College is a time of new experiences and responsibilities. One thing many students look forward to is having their very first college credit cards. By understanding the merits and pitfalls of getting a credit card in college, you shield yourself from the potential financial harm while, at the same time, enjoy the college life with some line of credit to finance your necessities and hobbies.
Building Your Credit Score
Credit scores have gone from optional to a necessity in today’s credit-driven consumer market. College students will need this three-digit number to finance a car, house, business, and other financial endeavors they decide to pursue later on. By starting at a younger age, college students have more time to build their credit score.
Lower Interest Rates
Having enough time to build your credit score and learn how to handle finances can also translate to lower interest rates paid on your loans and lines of credit. Those whose score is below 620 will have a difficult time getting approved for a bank loan. Even if they do get approved, the APR, annual percentage rate, will be devastatingly higher than if you had a good score. In fact, according to a FICO chart, loan applicants with a 760 credit score will only be charged an APR Of 3.1 percent compared to the 4.7 percent charged for loan applicants at the 620 score level.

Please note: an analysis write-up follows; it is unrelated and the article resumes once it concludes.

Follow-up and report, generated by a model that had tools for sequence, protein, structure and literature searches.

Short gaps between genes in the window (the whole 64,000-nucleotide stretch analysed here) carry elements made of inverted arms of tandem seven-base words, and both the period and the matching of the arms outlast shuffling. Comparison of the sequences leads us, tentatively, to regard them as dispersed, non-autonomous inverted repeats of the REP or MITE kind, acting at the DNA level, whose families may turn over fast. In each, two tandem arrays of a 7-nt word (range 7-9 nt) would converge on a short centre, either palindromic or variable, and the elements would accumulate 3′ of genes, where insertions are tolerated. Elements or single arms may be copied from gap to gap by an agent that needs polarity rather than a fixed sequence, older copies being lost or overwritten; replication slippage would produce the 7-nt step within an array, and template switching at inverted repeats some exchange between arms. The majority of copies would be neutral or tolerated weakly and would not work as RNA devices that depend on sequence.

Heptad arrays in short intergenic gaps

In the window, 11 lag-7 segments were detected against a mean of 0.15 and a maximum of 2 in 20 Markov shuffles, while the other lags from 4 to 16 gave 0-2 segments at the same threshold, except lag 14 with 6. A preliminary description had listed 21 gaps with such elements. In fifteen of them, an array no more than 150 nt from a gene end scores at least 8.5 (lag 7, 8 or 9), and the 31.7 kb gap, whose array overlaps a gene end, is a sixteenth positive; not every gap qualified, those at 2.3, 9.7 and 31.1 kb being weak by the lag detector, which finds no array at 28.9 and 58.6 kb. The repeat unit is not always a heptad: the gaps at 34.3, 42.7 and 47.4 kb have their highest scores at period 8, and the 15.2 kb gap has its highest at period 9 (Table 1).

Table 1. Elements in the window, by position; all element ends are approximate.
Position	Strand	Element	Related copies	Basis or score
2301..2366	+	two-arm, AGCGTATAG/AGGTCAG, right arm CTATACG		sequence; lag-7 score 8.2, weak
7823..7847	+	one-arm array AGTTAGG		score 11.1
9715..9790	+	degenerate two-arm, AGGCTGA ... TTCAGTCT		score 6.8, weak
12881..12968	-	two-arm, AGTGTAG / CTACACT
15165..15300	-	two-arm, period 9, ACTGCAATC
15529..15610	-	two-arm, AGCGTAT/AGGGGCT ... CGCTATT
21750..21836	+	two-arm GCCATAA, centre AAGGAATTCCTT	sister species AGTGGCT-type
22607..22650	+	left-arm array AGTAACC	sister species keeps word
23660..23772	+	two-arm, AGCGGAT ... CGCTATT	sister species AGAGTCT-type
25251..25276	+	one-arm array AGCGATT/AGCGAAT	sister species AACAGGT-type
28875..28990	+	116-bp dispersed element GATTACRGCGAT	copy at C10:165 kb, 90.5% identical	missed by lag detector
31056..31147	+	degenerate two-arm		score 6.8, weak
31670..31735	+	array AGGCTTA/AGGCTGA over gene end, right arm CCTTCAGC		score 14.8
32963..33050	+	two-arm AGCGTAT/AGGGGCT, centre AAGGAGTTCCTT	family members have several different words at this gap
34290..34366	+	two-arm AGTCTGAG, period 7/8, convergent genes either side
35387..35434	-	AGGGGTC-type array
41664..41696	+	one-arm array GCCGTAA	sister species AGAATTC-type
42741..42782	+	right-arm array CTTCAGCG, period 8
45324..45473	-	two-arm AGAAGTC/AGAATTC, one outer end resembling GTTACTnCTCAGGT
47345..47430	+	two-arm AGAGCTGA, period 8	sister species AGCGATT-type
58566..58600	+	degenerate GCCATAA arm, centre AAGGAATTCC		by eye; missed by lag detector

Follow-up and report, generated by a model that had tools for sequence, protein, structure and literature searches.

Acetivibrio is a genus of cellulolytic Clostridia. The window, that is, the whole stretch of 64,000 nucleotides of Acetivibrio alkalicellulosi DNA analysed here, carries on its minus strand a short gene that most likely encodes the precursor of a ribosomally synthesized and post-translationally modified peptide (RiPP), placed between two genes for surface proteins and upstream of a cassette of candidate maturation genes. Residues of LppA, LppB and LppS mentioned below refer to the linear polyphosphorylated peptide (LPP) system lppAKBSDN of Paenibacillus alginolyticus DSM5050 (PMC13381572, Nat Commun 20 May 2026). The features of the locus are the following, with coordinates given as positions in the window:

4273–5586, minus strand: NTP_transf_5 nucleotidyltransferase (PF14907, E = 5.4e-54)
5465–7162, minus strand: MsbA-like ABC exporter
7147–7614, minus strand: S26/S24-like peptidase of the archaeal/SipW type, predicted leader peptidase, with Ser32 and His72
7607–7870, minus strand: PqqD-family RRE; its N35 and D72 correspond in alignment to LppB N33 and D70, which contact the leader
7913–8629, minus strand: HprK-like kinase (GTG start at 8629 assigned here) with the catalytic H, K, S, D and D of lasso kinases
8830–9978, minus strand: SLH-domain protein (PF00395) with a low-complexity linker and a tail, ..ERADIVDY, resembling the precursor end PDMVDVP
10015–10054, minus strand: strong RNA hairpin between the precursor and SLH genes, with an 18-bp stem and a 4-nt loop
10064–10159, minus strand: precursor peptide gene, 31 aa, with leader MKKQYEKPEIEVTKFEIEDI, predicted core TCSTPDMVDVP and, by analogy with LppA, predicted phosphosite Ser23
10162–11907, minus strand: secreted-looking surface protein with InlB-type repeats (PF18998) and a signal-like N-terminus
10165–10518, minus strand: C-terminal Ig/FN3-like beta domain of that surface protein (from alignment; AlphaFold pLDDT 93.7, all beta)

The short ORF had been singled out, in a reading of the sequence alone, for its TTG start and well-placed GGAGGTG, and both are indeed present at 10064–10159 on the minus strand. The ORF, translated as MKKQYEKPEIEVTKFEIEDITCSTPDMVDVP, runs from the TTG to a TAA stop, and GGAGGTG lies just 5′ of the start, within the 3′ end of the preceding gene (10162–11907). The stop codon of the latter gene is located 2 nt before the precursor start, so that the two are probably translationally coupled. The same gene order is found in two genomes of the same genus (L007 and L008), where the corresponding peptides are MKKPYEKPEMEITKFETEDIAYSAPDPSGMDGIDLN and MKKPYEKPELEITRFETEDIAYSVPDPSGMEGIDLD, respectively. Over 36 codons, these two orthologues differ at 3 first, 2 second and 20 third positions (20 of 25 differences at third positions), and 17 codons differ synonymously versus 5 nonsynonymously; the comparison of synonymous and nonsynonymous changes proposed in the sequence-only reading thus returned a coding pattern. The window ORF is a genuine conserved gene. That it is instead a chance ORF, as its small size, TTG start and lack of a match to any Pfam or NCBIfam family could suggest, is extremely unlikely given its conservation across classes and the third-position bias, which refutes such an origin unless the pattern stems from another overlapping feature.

Young people don’t just learn how to handle their finances responsibly by reading it from a book or getting told nonstop by their elders. College students must learn how to budget their expenses based on their allowed credit limit per month. They are forced to juggle housing, food, and other miscellaneous expenses or face the humiliation of not having any of these necessities. Credit cards are an effective tool for teaching college students about money management since the effects are immediately felt.
Possibility of Bad Credit Score
A bad credit score can take some time to repair. If you fail to make payments on time and defaults on loans, your credit score can be irreparably damaged thus limiting the major financial decisions you can make.
Bad Money Habits Affecting Main Card Holder
Most college students who manage to get a credit card are only extensions of their parent’s credit line. This means they have a joint account sharing the limits and balances of the said credit line. This means failure to pay your credit card on time will affect the main cardholder, which is most likely your parent.
Temptations to Spend More
Without a credit card lining their back pocket or wallet, college students are forced to make due with whatever cash they have in hand. With a credit card, college students take bolder purchases because they can, at least on paper. Rather than save up enough money for an out-of-town trip, that latest smartphone model, or concert tickets, college students opt to finance it immediately with their credit card, a habit that can be financially crippling in the long run.
There you have it: the pros and cons of getting a credit card in college. For parents, give it a test run by opening an extension line of credit for your kid with a significantly lower credit card limit. If they can make payments consistently, only then should you consider giving them a wider leeway.